In 2020, the global GDP amounted to about 84.97 trillion U.S. dollars. Citibank analysts recently projected that the Web3 economy will reach $13 trillion by 2030. It’s the beginning of an entirely new economy. While the concept of the metaverse (Web3) has been around for a while, the metaverse economy has recently attracted some of the biggest brands, including banks, entertainment companies, global fashion brands, and even governments.
“This year will be the peak hype cycle,” says 8th Wall’s VP of Product, Tom Emrich, in his “Trends to Watch for in 2022″” (Emrich’s company was recently purchased by AR giant, Niantic.) “Right now the metaverse is more mirage than miracle,” he says. “The more we get into this, the more we’re going to realize that there’s a lot of work that still needs to be done.”
The Metaverse Construction Site
In broadest terms, the metaverse is a digital twin of the real world. And just like the real world it gets seen from different perspectives. “For me, the metaverse is a digital space where you interact with your friends in a social and gaming type of environment,” said Reggie Fil Amie, former CEO of Nintendo in a speech at SXSW. “I believe that elements of the metaverse already exist.”
But the billion dollar idea is for the metaverse to be one gigantic immersive and interoperable experience where you do everything you might do in a real world, just virtually. At the moment nascent metaverses are more like nation-states than a universe. Decentraland is based on its own currency called MANA. SAND is the native cryptocurrency of the Sandbox. Roblox uses Robux; Fortnite uses VBux. You get the idea. Others like Superworld and Axie Infinity rely on cryptocurrencies, typically Ethereum, to make purchases.
The ideal, arguably, is to have a metaverse version of a euro that is interchangeable across lands. If I buy an outfit for my avatar in Decentraland I’d love to wear it in The Sandbox. Presumably, this is what Facebook had in mind with its abandoned Libra/Diem currency, although this month the Financial Times reported that “Zuck bucks” are still being planned.
“These tokenized networks are attracting capital, talent and technology giving them a nation–state (with their economic structure and in-network currencies) status but also are market places and laboratories of co-creation between various projects,” says Nitin Gaur, who just left his role at IBM to head to pursue metaverse projects.
- Video games that exist in their own worlds and rely on ingame currency (Roblox, Minecraft)
- Decentralized platforms (Sand and Decentraland) which tend to be low resolution and commerce based
- Pixel-generated true 3D worlds (Fortnite) based on heavy duty gaming engines like Unreal Engine. These are expensive to create and require lots of computing power.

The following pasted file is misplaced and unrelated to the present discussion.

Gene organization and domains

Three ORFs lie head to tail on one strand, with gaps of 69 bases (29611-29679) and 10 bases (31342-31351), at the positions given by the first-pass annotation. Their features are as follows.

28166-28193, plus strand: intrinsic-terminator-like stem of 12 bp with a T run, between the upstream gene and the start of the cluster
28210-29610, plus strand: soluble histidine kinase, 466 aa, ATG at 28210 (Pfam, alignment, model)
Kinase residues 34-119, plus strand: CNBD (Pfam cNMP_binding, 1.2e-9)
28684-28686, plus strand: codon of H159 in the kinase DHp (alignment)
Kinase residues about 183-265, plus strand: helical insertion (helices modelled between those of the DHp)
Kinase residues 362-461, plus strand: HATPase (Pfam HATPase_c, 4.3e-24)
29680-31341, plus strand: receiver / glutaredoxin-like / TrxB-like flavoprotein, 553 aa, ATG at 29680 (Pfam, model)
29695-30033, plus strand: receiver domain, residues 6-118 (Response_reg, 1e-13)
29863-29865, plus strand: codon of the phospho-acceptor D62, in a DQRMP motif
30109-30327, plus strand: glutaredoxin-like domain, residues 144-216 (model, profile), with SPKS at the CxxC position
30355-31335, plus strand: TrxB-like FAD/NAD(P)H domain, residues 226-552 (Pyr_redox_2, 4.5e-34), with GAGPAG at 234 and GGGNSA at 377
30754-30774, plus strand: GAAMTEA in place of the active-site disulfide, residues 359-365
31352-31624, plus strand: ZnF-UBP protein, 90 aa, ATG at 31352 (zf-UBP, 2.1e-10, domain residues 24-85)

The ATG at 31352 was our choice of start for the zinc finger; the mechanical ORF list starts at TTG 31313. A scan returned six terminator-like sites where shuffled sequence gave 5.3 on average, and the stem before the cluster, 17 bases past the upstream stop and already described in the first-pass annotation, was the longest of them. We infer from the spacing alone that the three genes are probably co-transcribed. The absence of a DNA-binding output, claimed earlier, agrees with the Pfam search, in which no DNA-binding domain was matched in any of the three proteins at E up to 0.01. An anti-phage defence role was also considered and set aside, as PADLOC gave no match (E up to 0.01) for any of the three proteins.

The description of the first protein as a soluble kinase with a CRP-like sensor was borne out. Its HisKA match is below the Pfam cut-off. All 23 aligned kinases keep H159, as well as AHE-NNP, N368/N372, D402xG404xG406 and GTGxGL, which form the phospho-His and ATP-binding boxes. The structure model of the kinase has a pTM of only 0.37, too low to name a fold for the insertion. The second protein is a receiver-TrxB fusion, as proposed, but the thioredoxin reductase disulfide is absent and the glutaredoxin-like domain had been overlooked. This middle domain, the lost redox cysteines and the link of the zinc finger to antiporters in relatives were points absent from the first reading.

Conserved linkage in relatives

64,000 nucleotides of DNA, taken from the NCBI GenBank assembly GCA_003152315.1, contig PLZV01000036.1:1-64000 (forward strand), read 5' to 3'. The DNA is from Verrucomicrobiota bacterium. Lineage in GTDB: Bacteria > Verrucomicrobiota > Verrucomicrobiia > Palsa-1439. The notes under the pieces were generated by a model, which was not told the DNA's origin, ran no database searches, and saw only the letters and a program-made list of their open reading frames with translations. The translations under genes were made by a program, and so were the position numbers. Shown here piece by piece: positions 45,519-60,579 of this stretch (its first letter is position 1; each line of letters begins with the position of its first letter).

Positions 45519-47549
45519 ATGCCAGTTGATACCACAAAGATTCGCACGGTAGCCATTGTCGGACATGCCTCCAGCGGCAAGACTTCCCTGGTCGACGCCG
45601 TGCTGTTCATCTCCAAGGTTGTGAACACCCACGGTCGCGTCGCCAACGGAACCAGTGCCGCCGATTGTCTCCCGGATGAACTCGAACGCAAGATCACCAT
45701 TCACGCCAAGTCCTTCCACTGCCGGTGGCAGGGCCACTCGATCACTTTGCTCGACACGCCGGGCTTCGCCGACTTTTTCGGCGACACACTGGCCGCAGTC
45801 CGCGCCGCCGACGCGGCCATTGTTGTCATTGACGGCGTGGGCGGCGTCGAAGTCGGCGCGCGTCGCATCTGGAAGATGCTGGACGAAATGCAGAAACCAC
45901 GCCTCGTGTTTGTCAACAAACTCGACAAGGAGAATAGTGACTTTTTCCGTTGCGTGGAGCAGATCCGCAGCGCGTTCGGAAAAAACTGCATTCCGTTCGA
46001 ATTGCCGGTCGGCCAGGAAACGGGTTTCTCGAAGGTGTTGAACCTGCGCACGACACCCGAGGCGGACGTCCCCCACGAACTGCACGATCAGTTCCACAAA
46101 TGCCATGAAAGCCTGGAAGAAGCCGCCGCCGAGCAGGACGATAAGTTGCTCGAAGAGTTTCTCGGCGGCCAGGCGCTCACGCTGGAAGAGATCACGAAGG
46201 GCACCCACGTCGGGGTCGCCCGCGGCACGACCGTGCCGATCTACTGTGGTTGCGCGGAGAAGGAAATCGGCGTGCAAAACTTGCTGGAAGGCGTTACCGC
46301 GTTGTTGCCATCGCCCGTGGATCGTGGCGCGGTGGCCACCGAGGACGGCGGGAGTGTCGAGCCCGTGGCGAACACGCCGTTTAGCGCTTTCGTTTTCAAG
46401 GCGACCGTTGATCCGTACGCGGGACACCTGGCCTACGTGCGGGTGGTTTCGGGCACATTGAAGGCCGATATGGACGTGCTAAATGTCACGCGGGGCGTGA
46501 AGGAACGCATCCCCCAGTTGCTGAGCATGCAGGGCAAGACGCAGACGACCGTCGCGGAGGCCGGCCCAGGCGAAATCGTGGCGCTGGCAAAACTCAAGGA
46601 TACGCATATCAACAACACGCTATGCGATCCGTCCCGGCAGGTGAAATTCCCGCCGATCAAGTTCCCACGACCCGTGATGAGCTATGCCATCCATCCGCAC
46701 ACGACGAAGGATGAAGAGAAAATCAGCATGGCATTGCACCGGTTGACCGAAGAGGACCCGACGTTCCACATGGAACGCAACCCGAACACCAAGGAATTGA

Activities range from huge concerts featuring avatars of meta artists like Travis Scott and Ariana Grande. Branded stores for avatar clothing from Gucci, Nike, Ralph Lauren and Vans. Games from NASCAR and Forever 21, all focusing on meeting a young demographic where they’re at. Tami Bauhumik of Roblox, a metaverse with 50 million (mostly young) users per day says, “Roblox is focused on aging with its users.” Roblox, The Recording Academy and MasterCard hosted a version of the Grammy Awards where viewers could interact with avatars of featured musicians and buy merchandise. A gala Metaverse Fashion Week held in the Decentaland showcased major brands like Dolce Gabbana, Estee Lauder, Tommy Hilfinger and Selfridges offering a mixture of catwalk shows, NFTs redeemable in the real world, and sales of digital couture.
Some, like Facebook’s Meta, require special VR or AR headgear. Decentraland already has an immersive shopping center a la LA’s Rodeo Drive. Most of these require entry as an avatar, a digital representation of yourself. Sometimes that means you’ll appear as a cartoon-like floating torso; other times you can dress as anything from a unicorn to a punk rocker. Tricking out your avatars with bling accessories or digital weapons has become a serious business with $80 billion dollars a year in virtual goods being sold.
The Metaverse on Blockchain
A true metaverse will keep a record of everything that’s bought, sold, and traded on a blockchain ledger. Your purchases—even if they’re only a bunch of digital pixels—reveal an immutable proof of ownership. And that’s where things get complicated.
To own something in the metaverse you need a digital wallet. And the wallet can’t be filled with cash or credit cards, since transactions need to be recorded on the blockchain. This requires opening a crypto account (Ethereum is the de facto standard but there are plenty of new wannabes—such as Solana and Terra—as the currency for the metaverse). And because the crypto needs to get put into your wallet you’ll need to go to exchanges like Binance or Coinbase where you can exchange your fiat currency (US dollars in my case) for an equivalent amount of cryptocurrency.
Every stop along the path to setting yourself up for commerce on the metaverse is “hitting roadblock after roadblock,” reports Katie Canales in her painfully epic diary of becoming the owner of a 14-second animated cartoon of a pig. “And now I have no clue what to do with it,” she adds. Processing fees (called gas fees), third party sites to connect accounts, long strings of public and private crypto keys—these are just a few of the migraine-inducing obstacles you’ll come up against as a metaverse tycoon.